ADHD: Adrenal, Copper And Too Many Stimulants
Many are treated with stimulants for ADHD because they’re so tired, dull, listless and simply can’t think. They can’t get out of bed, they are exhausted through the day, and, of course, they manifest a significantly compromised executive function.
Diagnosis on one level, quite right: EFD, ADD, ADHD. But if the [EFD] Executive Function Disorder is created by a different, unidentified problem than straight ADHD, the meds don’t work no matter how carefully you titrate the dose. Reconsider that challenging Roving Therapeutic Window I’ve mentioned so repeatedly in these CorePsych articles.
ADHD is the symptom, not the problem.[to_like]
The outcome of missed diagnosis: overdose with stimulants, simply because they don’t effectively treat adrenal compromise with Chronic Fatigue.
Copper Walks Into The Brain
Copper has antifungal and antibiotic properties, while zinc [copper's balancing companion] has antiviral effects. … those with chronic viral presentations typically have low zinc and high copper, e.g. Epstein Barr, mono, hepatitis. [Slow metabolism, low zinc and copper elevation create significant intractable medical problems with mind consequences] [pg 57-59]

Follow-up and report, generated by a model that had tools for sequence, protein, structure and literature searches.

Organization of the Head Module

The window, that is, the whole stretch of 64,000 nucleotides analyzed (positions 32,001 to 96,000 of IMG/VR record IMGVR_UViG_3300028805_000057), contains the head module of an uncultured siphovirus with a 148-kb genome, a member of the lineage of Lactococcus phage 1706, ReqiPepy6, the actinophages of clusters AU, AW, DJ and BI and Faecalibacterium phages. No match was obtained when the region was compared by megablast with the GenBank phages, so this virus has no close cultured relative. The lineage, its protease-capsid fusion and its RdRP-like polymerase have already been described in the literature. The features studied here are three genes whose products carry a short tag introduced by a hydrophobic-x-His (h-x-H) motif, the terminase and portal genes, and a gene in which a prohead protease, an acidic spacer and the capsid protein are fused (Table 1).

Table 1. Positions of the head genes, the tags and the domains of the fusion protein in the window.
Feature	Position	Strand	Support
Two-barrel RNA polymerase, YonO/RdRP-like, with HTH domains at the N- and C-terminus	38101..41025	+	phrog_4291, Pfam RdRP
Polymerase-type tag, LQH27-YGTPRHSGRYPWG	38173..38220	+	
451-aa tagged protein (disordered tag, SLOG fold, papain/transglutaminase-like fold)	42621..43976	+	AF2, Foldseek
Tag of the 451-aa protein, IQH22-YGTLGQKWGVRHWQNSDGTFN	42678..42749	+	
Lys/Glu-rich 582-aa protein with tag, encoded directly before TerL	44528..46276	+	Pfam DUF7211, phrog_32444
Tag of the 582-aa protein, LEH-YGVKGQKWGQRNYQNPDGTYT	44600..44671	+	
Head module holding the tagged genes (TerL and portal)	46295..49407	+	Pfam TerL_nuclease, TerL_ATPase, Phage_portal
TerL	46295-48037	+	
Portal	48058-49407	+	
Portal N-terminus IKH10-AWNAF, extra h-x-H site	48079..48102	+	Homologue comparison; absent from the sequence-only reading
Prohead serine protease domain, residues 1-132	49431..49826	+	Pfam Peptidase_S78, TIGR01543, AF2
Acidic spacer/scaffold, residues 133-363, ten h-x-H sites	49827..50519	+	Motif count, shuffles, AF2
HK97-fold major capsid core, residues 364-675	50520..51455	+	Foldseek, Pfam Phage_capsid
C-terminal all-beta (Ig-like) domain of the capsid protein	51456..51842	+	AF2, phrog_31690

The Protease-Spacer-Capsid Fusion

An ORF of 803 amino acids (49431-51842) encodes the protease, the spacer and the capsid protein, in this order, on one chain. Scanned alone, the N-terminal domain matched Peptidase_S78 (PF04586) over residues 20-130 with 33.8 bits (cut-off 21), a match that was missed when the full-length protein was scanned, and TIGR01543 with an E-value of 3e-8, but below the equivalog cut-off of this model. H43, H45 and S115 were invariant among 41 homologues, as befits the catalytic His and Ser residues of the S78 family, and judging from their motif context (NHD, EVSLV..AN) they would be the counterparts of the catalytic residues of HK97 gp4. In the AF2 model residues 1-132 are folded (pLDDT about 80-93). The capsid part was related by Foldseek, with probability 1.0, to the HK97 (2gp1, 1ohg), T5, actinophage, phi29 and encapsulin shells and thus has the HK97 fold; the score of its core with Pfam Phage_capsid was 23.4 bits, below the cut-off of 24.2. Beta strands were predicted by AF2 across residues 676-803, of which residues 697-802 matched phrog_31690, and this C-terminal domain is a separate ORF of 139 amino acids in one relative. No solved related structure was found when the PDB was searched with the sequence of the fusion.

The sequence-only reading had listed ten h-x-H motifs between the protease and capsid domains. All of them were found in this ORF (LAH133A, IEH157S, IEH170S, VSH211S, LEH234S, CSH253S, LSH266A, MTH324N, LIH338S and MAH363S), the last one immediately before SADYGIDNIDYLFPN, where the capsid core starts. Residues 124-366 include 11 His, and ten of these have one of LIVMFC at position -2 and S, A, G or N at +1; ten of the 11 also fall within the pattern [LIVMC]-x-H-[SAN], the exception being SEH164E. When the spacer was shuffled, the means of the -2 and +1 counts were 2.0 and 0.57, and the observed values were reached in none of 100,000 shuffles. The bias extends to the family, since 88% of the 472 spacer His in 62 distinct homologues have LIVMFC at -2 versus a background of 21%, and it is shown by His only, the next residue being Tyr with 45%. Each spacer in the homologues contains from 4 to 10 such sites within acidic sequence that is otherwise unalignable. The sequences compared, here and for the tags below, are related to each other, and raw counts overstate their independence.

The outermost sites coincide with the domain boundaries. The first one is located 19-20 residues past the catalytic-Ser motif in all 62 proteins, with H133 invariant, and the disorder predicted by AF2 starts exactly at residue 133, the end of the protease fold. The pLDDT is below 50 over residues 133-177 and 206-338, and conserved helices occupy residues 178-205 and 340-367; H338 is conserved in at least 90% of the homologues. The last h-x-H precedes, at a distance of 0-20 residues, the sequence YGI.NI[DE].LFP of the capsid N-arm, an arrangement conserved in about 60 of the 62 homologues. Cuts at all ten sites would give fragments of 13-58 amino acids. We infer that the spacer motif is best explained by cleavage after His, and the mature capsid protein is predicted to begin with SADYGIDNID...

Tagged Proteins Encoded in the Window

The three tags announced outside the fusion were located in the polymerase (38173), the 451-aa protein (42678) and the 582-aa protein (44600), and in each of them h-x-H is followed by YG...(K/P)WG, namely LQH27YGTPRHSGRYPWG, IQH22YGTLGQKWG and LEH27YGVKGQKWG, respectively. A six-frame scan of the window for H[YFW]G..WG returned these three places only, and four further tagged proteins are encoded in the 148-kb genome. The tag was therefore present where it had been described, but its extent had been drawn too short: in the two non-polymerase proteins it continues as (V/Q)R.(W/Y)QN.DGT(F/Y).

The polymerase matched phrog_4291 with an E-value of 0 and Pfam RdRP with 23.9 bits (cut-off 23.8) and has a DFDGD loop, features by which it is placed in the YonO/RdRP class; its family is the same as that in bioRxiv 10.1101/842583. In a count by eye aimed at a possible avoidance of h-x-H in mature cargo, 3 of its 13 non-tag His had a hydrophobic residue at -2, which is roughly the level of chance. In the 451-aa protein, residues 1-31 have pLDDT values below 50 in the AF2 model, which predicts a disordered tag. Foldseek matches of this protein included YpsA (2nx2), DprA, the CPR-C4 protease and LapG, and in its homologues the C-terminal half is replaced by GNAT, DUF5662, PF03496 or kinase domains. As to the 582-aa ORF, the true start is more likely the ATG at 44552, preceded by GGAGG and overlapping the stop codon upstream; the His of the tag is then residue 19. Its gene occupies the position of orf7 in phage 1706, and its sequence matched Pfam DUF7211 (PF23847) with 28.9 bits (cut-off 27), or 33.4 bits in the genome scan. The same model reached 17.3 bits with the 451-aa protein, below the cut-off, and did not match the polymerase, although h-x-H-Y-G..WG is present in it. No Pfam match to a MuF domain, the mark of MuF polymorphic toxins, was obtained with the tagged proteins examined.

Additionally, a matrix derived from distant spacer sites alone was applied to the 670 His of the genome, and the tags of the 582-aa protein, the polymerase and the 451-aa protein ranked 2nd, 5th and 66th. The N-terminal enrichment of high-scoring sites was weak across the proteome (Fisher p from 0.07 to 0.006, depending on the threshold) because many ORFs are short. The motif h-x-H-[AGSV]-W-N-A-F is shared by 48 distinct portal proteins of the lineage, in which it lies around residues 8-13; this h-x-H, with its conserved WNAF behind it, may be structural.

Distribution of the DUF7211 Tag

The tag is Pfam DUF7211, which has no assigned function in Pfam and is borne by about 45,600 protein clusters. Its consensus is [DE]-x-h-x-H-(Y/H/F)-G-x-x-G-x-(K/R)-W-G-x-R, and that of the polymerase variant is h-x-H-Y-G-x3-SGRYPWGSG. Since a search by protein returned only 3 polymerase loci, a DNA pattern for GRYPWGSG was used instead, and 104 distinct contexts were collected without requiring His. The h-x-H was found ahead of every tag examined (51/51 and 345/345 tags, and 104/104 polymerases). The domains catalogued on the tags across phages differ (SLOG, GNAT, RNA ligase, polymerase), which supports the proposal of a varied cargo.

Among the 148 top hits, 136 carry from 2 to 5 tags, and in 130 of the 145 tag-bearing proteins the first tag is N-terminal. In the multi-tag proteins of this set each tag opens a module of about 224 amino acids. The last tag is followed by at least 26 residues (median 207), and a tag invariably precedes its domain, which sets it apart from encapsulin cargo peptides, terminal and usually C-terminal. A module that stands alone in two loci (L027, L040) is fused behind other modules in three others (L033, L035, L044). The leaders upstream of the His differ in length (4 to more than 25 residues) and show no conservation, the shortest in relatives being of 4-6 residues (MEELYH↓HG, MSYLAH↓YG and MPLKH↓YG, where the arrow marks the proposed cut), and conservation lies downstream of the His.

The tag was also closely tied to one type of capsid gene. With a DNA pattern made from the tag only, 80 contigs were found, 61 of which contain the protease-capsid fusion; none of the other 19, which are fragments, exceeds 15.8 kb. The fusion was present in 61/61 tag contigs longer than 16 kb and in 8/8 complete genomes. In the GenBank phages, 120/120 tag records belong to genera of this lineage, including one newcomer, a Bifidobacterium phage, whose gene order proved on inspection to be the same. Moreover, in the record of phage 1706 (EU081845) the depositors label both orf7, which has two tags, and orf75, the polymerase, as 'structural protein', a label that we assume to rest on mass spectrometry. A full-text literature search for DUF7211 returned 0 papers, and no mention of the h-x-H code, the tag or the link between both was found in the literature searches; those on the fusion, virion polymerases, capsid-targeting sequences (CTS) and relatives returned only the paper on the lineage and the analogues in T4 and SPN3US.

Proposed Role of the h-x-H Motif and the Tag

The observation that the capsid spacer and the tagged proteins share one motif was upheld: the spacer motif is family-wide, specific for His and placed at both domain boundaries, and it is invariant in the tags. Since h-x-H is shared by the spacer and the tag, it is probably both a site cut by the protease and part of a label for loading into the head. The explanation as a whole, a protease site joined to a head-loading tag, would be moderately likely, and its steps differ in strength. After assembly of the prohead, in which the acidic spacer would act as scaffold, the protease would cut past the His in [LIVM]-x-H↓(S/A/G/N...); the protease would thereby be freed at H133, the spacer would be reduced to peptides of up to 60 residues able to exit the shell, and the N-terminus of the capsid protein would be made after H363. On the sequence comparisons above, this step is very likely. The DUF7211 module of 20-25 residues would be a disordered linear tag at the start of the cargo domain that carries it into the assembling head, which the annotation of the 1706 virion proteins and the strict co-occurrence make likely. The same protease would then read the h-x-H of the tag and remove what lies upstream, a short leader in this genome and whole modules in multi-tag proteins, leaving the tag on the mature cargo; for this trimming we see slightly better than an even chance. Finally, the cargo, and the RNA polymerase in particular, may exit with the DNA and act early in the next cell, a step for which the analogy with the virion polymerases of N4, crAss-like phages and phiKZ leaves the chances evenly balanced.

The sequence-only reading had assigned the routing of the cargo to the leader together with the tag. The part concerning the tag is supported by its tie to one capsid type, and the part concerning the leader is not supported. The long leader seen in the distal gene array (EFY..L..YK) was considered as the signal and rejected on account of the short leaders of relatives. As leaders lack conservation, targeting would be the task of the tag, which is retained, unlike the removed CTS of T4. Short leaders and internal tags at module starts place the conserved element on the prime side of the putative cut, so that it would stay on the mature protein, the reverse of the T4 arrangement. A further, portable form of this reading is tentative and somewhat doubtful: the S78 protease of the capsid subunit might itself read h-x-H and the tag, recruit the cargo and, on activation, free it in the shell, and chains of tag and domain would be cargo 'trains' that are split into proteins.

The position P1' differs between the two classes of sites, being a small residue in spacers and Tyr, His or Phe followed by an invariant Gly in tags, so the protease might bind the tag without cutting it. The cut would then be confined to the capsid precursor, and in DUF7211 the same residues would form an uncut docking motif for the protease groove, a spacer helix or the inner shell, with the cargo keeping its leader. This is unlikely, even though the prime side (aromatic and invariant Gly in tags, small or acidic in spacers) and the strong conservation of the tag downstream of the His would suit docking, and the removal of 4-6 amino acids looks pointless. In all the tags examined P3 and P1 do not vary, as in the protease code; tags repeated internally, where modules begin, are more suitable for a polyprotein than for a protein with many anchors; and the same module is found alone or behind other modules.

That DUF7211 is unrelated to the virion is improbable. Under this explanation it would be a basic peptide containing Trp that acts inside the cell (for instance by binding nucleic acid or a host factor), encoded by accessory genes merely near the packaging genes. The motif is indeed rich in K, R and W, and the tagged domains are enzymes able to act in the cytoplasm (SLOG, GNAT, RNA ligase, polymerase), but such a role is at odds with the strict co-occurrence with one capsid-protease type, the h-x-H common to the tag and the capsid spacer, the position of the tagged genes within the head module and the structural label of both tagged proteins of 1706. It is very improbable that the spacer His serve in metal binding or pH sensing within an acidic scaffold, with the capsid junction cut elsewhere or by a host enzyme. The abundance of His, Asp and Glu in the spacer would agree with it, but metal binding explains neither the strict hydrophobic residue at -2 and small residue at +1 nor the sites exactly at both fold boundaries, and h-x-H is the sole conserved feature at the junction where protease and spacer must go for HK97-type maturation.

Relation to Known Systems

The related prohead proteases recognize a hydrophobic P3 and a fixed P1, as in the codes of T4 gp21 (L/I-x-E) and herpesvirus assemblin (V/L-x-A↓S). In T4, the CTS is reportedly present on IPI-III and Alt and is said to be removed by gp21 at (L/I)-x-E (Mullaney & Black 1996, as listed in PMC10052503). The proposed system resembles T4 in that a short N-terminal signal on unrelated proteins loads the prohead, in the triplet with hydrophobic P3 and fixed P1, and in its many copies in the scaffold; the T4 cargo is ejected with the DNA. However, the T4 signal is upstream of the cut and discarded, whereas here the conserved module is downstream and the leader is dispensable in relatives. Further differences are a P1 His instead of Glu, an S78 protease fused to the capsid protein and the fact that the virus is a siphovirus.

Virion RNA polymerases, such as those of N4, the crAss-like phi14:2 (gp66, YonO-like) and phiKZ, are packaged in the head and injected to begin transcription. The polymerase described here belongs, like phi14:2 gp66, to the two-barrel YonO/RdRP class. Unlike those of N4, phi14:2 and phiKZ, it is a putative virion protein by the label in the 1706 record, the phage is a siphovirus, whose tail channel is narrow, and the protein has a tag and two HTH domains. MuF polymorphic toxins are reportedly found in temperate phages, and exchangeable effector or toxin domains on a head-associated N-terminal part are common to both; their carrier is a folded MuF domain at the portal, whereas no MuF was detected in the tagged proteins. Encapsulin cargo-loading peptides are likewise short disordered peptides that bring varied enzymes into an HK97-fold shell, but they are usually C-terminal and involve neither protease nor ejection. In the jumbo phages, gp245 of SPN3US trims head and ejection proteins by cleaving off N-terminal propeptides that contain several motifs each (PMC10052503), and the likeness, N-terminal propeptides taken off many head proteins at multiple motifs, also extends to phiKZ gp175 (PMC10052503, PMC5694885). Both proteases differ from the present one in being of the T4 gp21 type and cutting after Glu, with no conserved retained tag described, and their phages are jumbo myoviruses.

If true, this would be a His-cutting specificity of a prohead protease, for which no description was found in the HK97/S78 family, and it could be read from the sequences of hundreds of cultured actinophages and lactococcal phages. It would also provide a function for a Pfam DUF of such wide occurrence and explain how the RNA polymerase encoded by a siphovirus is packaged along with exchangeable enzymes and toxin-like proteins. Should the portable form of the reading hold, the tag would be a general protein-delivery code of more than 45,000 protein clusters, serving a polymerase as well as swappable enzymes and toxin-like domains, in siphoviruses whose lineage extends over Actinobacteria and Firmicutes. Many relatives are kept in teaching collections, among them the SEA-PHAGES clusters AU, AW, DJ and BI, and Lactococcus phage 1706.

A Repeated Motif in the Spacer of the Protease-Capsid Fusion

Chronic Fatigue Syndrome [CFS] is connected to copper overload in another way. Numerous studies have suggested a strong link between CFS and adrenal gland dysfunction; some practitioners believe that all individuals who have CFS have weak adrenal function. … adrenal burnout is a common consequence of copper overload. It’s no coincidence that adrenal burnout and CFS are both characterized by a feeling of adrenal exhaustion. [pg 60]
…viral symptoms and associated tired body, mental racing, anxiety, exhaustion, depression, insomnia and skin problems are all associated with copper excess.1
We discover these copper excess issues associated with adrenal fatigue so often associated with chronic refractory, “untreatable” ADHD.
It’s worth considering. You can’t treat targets that you don’t see.
1Prasad, AS, et al, Trace Elements in Human Health and Disease, Vol 1: Zinc and Copper. New York: Academic Press 1976[/to_like]